Coal and Carbon Capture and Storage

Part of Business of the House – in the House of Commons at 12:33 pm on 23rd April 2009.

Alert me about debates like this

Photo of Martin Horwood Martin Horwood Shadow Minister (Environment, Food and Rural Affairs) 12:33 pm, 23rd April 2009

I too am grateful for receiving notice of the statement.

This is a step in the right direction: carbon capture is a vital technology in the transition to a lower carbon electricity-generating economy. It also has huge advantages over, for instance, nuclear, not only because it contributes to base load supply, but because it can provide variable supply, thereby tackling some of the problems of intermittency and peaks and troughs of demand.

I recognise that the Secretary of State might have had to overcome opposition from within his own Government. Last year, some of us battled against the former Minister, who has just spoken, Malcolm Wicks, during the passage of the Energy Act 2008, when he fought tooth and nail against expanded competition, and I think it would be appropriate to say that we have the scars on our backs. Sadly, as a result, we have lost crucial ground to the United States, Canada, Brazil, China and others in benefiting commercially from this technology.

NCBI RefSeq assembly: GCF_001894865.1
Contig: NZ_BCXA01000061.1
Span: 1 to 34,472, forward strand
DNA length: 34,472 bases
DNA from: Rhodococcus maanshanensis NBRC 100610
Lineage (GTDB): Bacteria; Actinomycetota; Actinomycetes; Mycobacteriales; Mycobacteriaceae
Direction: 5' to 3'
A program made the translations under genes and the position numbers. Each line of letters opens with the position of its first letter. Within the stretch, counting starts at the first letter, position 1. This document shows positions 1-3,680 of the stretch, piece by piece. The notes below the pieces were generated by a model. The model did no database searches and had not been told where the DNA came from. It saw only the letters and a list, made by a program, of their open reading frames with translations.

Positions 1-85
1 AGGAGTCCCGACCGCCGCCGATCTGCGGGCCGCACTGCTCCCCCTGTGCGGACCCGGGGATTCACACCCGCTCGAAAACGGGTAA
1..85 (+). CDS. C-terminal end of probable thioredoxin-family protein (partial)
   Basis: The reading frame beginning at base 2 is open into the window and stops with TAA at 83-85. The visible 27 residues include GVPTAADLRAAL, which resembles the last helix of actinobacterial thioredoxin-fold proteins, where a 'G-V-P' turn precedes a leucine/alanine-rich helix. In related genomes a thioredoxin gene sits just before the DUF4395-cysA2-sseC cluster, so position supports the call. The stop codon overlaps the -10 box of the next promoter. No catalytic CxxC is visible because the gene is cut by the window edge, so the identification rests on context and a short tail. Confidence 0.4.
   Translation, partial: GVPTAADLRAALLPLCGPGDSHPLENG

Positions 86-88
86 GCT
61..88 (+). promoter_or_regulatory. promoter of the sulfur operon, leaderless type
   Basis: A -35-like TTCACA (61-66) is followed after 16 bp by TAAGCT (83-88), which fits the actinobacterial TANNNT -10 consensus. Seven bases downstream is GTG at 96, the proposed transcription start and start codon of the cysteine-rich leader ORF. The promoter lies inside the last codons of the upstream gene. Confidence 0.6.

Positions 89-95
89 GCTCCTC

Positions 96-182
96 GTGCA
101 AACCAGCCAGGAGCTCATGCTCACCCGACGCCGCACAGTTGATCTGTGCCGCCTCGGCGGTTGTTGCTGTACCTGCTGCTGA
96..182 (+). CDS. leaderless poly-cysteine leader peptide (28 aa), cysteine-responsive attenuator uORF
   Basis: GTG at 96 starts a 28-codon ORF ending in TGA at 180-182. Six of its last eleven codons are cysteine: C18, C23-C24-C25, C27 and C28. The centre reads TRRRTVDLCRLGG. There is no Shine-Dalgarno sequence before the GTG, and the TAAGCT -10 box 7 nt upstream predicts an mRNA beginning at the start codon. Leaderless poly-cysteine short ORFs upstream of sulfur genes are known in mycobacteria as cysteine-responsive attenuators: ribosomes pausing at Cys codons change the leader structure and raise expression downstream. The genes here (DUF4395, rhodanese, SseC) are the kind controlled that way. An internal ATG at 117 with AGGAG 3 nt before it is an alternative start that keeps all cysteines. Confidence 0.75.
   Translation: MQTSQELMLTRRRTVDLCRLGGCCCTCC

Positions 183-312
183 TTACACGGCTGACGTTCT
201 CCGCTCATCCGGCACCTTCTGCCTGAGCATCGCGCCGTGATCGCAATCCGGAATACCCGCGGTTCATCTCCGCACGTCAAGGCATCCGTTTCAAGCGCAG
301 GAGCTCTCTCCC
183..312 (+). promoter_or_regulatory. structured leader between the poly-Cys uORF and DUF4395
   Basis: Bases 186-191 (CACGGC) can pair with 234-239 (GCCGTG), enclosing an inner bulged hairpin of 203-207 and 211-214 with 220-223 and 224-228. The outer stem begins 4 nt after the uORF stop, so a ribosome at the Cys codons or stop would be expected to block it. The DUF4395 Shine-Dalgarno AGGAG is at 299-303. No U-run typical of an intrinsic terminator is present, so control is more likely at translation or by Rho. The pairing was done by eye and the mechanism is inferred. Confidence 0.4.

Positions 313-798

My first question is on funding, which the Committee on Climate Change and The Guardian seem to agree will come from a charge on the power system—in other words, on customers' bills. Today's statement was, understandably, a little cagier, because is there not a risk that this will contribute to fuel poverty without cuts in income tax for the least well-off, without mandated social tariffs—as suggested in the Bill proposed by my hon. Friend Mr. Heath—and without massive investment in energy efficiency for millions of homes, as proposed by the Liberal Democrats?

My second question is about emissions performance standards. I echo many of the comments from Conservative Members and hope that the Government will now support the private Member's Bill promoted by my right hon. Friend Mr. Kennedy.

My third question is about the commitment to 100 per cent. retrofitting. That looks fine until we see the escape clause—whether the technology is ready. The critical question is: who bears the risk of it not being ready, the energy companies or the planet? If CCS is not ready, would a Labour Government close Kingsnorth? Unabated coal-fired power stations are the worst of all options—worse even than seeking a derogation from the European Union to extend the life of existing gas-fired power stations for a few more years until CCS is ready. This statement and policy proposal is well intentioned, but it contains a dirty great loophole that is big enough for some of the dirtiest possible power stations to fit into.